At 21, James Ryszawa is at that awkward age.
Not because, like so many young people these days, he can’t find a job. He’s already got one of those, as a barista who trains others for a Michigan-based coffee shop.
No, he’s at the age where he still loves playing Pokémon card games but is too old to really admit it.
“When you break 10 or 13 years old, you kind of get shunned,” said Ryszawa, from White Lake, Mich. “It’s tougher to find people to play.”
But that wasn’t the case Saturday at Memorial Coliseum in Fort Wayne, where an entire exhibition hall was filled with long tables of Pokémon players battling for bragging rights, prizes, trophies and free or subsidized trips to a national competition.
Derek Farber, 31, of LaGrange, running the Midwest’s 2012 Autumn Regional tournament for the manufacturer of the popular trading cards and video games, says many attendees are like Ryszawa, in their teens and early 20s.
With 323 entrants, the largest of three divisions, based on age, was the masters division, for players 15 and up, Farber said. Only about 100 players were in the 11-to-14 age group, and 52 were in the 10-and-younger group, he said – the groups one usually thinks as being enthralled by the iconic characters.
“But the younger kids don’t travel for the tournaments,” Farber said. “Most of the younger kids who are playing are from around here, Fort Wayne. Most parents aren’t going to travel and spend $100 for a hotel for a weekend.”
But, he said, travel doesn’t deter the more senior players, who started when passion for Pikachu, the game’s chubby little yellow rodent creature-thingy, was peaking in the tween-age set in the early 2000s.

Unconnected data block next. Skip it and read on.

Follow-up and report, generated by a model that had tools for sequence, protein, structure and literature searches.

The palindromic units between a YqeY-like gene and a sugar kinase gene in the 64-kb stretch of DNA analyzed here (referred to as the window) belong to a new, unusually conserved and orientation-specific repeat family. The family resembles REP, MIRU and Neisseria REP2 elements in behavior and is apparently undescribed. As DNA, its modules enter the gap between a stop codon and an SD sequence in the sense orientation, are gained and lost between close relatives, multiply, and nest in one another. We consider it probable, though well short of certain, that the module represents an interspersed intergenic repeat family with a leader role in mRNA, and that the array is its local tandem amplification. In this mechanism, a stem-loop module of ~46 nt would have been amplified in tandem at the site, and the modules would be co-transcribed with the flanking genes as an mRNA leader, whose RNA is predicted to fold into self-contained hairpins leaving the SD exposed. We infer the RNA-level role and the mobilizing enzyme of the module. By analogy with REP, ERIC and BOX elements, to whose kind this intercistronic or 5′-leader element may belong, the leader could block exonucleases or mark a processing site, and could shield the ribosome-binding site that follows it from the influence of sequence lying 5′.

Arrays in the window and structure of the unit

“A lot of the kids get into it (playing in tournaments) when they’re older,” Farber said. “They come from all over. This (regional tournament) is the only one in the Midwest. The closest one is in Dallas.”
Tournaments attract because of the “socializing,” he added.
Saturday’s registration was up about 25 percent over last year’s, Farber said.
“Guys are here in groups, and a lot of them know each other on Facebook or talk to each other on the Internet, and now they can meet,” he said.
“They are all Pokémon fans, and they have something in common.”
Daniel Musgrave, 17, of Highland, Mich., came with his friend Ryszawa “to meet some of the best players in the world and do well.”
Musgrave, a student at Lakeland High School in White Lake who works year-round as a lifeguard, says he started playing in “a little kids’ league” and previously had been to a state championship.
Playing a quick game before the official pair-ups, the two were joined by Lauren Bisher, 23, from Indianapolis, a recent Purdue University grad whom they didn’t know previously.
Bisher, at her first tournament, said she was just a spectator but was looking forward to playing in a Pokémon video game tournament that begins with registration at 9:30 a.m. today. Participation is free.
Asked what she liked about the game, Bisher said it was the interaction with the characters.
“You have these cool little pets that are like your friends that you feed and train and can control what they do,” she said.
And, now and then, you can meet some cool people.
Like, perhaps, Ryszawa. He describes himself as into “pretty typical” teenager stuff like snowboarding, despite his Pokémon pastime.
“I don’t know,” he said. “I think I’m a pretty cool guy.”